Montalcino, 2008 vintage  | Comments apply to all wines coming from the town of Montalcino, not just Brunello. However the star ratings from one to five given below are those given by the Consorzio del Vino Brunello di Montalcino specifically for Brunello di Montalcino DOCG.

2008 – Brunello

2008 **** (four)

2008 Growing season | Cool spring with plentiful rain. This caused downy mildew pressure. Wet soils made getting the first treatment on the vines problematic. Average summer temperatures. Hail on 15th August in the south of Montalcino. Hail caused a 40% drop in yields in much of Sant’Angelo (Kerin O’Keefe, 2012, p.277). Dry weather followed, allowing the possibility that damaged berries be removed. Some rain during harvest. ‘Very good September and October, cool and hot but sunny,’ Jan Erbach told me. 2008 ‘was a cool year with high diurnal temperature differences,’ says Walter Speller (2013). Patient picking required.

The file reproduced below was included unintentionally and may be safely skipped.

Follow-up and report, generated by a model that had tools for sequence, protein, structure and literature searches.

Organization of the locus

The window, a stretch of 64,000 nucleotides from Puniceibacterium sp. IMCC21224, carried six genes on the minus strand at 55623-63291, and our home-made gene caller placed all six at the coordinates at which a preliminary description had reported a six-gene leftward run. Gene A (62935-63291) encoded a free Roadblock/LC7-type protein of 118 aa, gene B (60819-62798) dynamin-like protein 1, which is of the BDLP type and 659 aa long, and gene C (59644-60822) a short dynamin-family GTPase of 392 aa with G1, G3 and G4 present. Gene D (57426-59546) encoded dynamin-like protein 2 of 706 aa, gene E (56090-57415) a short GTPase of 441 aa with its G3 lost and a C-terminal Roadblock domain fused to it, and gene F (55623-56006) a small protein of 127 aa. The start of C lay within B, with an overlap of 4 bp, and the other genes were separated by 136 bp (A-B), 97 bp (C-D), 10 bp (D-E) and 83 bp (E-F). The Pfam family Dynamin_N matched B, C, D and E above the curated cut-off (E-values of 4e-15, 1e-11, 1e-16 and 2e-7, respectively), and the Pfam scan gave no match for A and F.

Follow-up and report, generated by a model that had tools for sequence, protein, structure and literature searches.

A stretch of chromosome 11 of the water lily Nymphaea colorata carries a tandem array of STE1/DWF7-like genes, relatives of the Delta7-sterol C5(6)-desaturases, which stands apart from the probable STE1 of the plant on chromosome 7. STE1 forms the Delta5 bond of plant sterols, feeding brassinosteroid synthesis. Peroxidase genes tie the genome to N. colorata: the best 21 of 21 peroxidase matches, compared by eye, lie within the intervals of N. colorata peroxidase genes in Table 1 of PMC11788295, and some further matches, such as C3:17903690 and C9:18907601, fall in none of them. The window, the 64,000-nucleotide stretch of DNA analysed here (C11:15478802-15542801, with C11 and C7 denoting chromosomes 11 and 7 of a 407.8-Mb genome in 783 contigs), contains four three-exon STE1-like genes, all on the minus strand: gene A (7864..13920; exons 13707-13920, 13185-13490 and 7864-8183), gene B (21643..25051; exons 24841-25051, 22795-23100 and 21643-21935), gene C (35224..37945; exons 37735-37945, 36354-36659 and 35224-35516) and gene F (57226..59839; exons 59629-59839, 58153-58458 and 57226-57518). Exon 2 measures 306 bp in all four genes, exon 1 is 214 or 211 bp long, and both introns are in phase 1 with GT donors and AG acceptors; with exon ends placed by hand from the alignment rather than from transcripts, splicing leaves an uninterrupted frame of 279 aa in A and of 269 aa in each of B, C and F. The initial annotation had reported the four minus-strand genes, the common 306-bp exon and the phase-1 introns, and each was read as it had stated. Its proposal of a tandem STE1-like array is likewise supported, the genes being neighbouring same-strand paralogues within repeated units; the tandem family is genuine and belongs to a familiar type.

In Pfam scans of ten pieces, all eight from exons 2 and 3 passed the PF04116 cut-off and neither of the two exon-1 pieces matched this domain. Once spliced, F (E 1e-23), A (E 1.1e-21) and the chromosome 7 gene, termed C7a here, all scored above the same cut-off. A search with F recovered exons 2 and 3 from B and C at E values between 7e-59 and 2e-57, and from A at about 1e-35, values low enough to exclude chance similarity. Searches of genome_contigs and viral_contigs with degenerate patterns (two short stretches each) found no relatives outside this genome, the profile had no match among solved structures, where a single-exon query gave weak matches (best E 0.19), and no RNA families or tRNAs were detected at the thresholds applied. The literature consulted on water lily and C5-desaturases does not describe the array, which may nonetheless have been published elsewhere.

2008 Wine style | 2008 ‘has resulted in wines generally high in acidity with some pretty firm tannins. The contrast with the ripe, plush 2007s couldn’t be more marked, but while 2008 is uneven, in several cases it is also more elegant. It is a vintage in which the best terroirs shine. In the region itself, 2008 is described as a ‘Burgundian vintage’. Fruit ripeness was key in the cooler 2008 vintage, and a real balancing act to achieve. Although the general belief is that the more southerly, lower lying and therefore warmer vineyards had an advantage in 2008, some of the wines are so ripe and already so mature they hardly deserve to be labelled Brunello, much less deserve prolonged bottle ageing,’ says Walter Speller (2013). ‘Balance, size, and ageing potential,’ (Ian D’Agata, 2016 Decanter, Italy supplement).

‘The 2008s are decidedly mid-weight wines with excellent freshness but modest structure. A number of producers told me they would not bottle their highest-end selections…less consistent than either 2006 or 2010,’ (Antonio Galloni).

2008 Production | The vineyard area comprised 1,861 hectares for Brunello and 493 hectares for Rosso producing 75,513hl of Brunello and 20,658hl of Rosso respectively.

Bibliography

Antonio Galloni, ‘2006 Brunello: The Emperor’s New Clothes or Historic Vintage?’, Vinous.com

Kerin O’Keefe, Brunello di Montalcino – Understanding and Appreciating One of Italy’s Greatest Wines (University of California Press, 2012).

Walter Speller, ‘Brunello di Montalcino 2008’, www.jancisrobinson.com, 11 Jan 2013